Most pBFT-based consensus algorithms follow the design of having a constant leader who is a primary node and who accepts all requests while proposing blocks to the rest of the network from other nodes and / or clients. This means that these networks are synchronous, and may cause further challenges such as network communication errors. In addition, a malicious leader may cause hindrance to the network.

In a leaderless based pBFT system, leaders are executed on a first come first see block basis; i.e when a block gets seen in the network it will start a round (see state transition diagram above) with each node in its membership ring, and this continues with each new block, allowing for asynchronous communication. Any client (in Tangram’s case this would be anyone operating through a light-wallet and submitting transactions) may connect to any node and submit their transactions. They may then observe and determine if their transaction was successful, and if for any reason it is not, they may select a different node and re-transmit the transaction.

Side note: Blocks are added to the memPool in order, whereby the Proof-of-Stake protocol will proceed and finalise.

Node Behaviour

The consensus algorithm is inextricably interwound with coin properties and attributes, and these are used during the consensus process. Therefore properties and attributes of transfers / transactions are considered an instance of consensus in Tangram’s network.

These transactions are delivered as an immutable and deterministic total ordering of transactions. It should be noted that like other Byzantine Fault Tolerant consensus algorithms; if a byzantine node is to either a) delay, or b) never send information (honest or dishonest) to other nodes, eventually the information that is sent from other honest nodes will be delivered throughout the network through re-transmissions. This works as follows:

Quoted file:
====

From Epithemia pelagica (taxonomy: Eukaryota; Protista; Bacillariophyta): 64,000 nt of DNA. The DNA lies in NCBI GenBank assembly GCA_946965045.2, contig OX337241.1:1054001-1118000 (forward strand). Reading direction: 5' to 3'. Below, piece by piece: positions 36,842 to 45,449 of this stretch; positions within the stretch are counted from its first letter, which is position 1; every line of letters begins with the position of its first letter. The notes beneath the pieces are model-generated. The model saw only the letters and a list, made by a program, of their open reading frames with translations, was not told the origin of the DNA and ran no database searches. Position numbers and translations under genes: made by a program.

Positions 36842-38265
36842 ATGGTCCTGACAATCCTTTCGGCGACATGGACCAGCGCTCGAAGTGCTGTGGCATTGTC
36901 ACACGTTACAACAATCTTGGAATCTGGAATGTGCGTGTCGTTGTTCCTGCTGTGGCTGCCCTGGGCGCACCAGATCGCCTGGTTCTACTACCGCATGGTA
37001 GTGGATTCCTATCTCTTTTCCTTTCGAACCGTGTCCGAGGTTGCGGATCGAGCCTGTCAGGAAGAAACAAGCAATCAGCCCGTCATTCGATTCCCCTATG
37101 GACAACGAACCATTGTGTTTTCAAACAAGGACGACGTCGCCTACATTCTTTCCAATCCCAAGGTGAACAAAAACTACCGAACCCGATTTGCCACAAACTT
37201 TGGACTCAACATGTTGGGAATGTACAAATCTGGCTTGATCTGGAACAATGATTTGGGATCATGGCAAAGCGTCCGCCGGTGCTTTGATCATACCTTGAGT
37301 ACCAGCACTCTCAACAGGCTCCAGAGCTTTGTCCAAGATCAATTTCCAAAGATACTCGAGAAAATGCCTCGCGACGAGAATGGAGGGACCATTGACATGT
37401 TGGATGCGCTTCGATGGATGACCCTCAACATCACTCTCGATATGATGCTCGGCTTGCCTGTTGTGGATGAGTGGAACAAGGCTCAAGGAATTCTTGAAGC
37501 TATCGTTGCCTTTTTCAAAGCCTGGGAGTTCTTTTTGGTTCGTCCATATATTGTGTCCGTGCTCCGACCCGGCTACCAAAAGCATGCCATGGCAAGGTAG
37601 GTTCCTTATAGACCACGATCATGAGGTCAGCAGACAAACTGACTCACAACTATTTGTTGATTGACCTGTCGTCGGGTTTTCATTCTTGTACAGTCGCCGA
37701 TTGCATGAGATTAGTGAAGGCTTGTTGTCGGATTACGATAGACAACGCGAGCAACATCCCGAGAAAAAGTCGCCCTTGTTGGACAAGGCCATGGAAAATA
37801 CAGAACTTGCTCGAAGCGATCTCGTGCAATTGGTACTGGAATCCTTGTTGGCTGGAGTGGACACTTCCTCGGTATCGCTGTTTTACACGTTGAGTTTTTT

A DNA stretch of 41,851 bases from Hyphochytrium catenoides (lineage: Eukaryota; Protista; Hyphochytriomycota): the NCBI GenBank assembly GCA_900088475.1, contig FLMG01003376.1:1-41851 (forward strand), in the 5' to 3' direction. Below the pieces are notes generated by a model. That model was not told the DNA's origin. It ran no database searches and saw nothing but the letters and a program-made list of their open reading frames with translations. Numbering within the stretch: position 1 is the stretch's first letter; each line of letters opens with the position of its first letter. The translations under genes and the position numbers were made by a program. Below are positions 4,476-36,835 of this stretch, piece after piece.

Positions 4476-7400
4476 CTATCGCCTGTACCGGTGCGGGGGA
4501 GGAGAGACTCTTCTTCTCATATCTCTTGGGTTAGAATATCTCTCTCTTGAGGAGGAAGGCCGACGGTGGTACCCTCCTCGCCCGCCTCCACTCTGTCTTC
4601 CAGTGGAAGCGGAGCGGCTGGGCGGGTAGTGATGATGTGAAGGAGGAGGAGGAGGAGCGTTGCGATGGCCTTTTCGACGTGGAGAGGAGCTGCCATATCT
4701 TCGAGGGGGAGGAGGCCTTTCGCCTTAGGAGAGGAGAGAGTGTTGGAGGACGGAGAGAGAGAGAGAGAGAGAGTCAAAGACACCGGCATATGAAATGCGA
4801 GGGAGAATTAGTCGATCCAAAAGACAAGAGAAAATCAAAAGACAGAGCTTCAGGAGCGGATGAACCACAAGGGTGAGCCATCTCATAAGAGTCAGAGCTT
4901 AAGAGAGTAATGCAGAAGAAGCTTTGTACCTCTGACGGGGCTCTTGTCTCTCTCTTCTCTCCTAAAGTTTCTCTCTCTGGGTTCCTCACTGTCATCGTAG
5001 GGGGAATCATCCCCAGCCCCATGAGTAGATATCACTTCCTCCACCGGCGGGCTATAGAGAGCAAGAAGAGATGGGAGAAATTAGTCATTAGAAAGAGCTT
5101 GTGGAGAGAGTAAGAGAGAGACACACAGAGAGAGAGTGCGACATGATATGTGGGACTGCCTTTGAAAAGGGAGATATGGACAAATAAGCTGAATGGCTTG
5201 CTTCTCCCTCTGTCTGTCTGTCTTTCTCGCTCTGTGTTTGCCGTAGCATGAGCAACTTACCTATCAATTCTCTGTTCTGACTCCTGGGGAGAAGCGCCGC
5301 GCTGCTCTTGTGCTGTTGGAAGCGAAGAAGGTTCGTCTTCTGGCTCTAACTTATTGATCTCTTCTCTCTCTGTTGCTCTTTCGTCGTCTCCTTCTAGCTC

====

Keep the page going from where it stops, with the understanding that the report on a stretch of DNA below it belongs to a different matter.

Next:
1. Honest nodes monitor the chains of other nodes.
  2. If they do not locate their blocks within other nodes’ chains, they may re-transmit them.
  3. If the honest node that is monitoring sees any missing information, they may request it from all other nodes.

In Summary

We can summarize the above by providing five core properties of the consensus:

  1. Leaderless.
  2. Dynamic membership.
  3. Efficient for high numbers of transactions .
  4. Network operations do not depend on the quorum slice or node stake.
  5. Flexible in its design and integration with higher level protocols (i.e. Proof of Stake).
For detailed and technical definitions on the consensus algorithm, please read more here (Blockmania: from Block DAGs to Consensus DRAFT (v0.5, 25 Sept 2018) George Danezis and David Hrycyszyn):

If you missed the last ‘Tangram Design’ piece, you can read more here: